Table of Contents
ISRN Gastroenterology
Volume 2014 (2014), Article ID 681978, 5 pages
http://dx.doi.org/10.1155/2014/681978
Clinical Study

A Retrospective Case-Control Study Evaluating the Bowel Preparation Quality during Surveillance Colonoscopy after Colonic Resection

1Department of Surgical Sciences, “Sapienza” University of Rome, Viale Regina Elena 324, 00161 Rome, Italy
2Department Pietro Valdoni, “Sapienza” University of Rome, Italy
3Department of Surgical Sciences and Organ Transplantation—P. Stefanini, “Sapienza” University of Rome, Italy
4Department of Surgery E Durante, “Sapienza” University of Rome, Italy

Received 23 December 2013; Accepted 1 February 2014; Published 6 March 2014

Academic Editors: U. Klinge and J. R. Monson

Copyright © 2014 Stefano Pontone et al. This is an open access article distributed under the Creative Commons Attribution License, which permits unrestricted use, distribution, and reproduction in any medium, provided the original work is properly cited.

Abstract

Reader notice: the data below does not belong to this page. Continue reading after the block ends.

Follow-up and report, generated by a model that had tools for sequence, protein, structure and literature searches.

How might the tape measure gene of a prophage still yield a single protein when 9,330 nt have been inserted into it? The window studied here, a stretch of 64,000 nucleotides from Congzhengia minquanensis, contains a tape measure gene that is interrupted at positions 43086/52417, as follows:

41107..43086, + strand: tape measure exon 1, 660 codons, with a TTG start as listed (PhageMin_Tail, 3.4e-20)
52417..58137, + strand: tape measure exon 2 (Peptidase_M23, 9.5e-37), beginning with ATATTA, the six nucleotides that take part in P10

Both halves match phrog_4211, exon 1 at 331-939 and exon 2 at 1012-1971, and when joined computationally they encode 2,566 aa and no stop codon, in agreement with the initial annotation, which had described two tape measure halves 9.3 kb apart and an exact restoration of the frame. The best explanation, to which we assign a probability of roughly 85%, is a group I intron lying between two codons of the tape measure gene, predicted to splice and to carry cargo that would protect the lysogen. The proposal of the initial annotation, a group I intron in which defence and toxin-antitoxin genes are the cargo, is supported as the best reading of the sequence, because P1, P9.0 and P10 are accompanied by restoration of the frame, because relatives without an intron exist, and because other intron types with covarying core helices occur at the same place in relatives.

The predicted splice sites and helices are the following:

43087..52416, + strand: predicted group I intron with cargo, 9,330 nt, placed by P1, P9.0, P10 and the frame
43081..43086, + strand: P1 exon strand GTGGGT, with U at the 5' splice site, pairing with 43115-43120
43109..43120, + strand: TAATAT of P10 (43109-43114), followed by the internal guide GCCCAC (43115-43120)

Purpose. Bowel preparation for surveillance endoscopy following surgery can be impaired by suboptimal bowel function. Our study compares two groups of patients in order to evaluate the influence of colorectal resection on bowel preparation. Methods. From April 2010 to December 2011, 351 patients were enrolled in our retrospective study and divided into two homogeneous arms: resection group (RG) and control group. Surgical methods were classified as left hemicolectomy, right hemicolectomy, anterior rectal resection, and double colonic resection. Bowel cleansing was evaluated by nine skilled endoscopists using the Aronchick scale. Results. Among the 161 patients of the RG, surgery was as follows: 60 left hemicolectomies (37%), 62 right hemicolectomies (38%), and 33 anterior rectal resections (20%). Unsatisfactory bowel preparation was significantly higher in resected population (44% versus 12%; ). No significant difference (38% versus 31%, ) was detected in the intermediate score, which represents a fair quality of bowel preparation. Conclusions. Our study highlights how patients with previous colonic resection are at high risk for a worse bowel preparation. Currently, the intestinal cleansing carried out by 4 L PEG based preparation does not seem to be sufficient to achieve the quality parameters required for the post-resection endoscopic monitoring.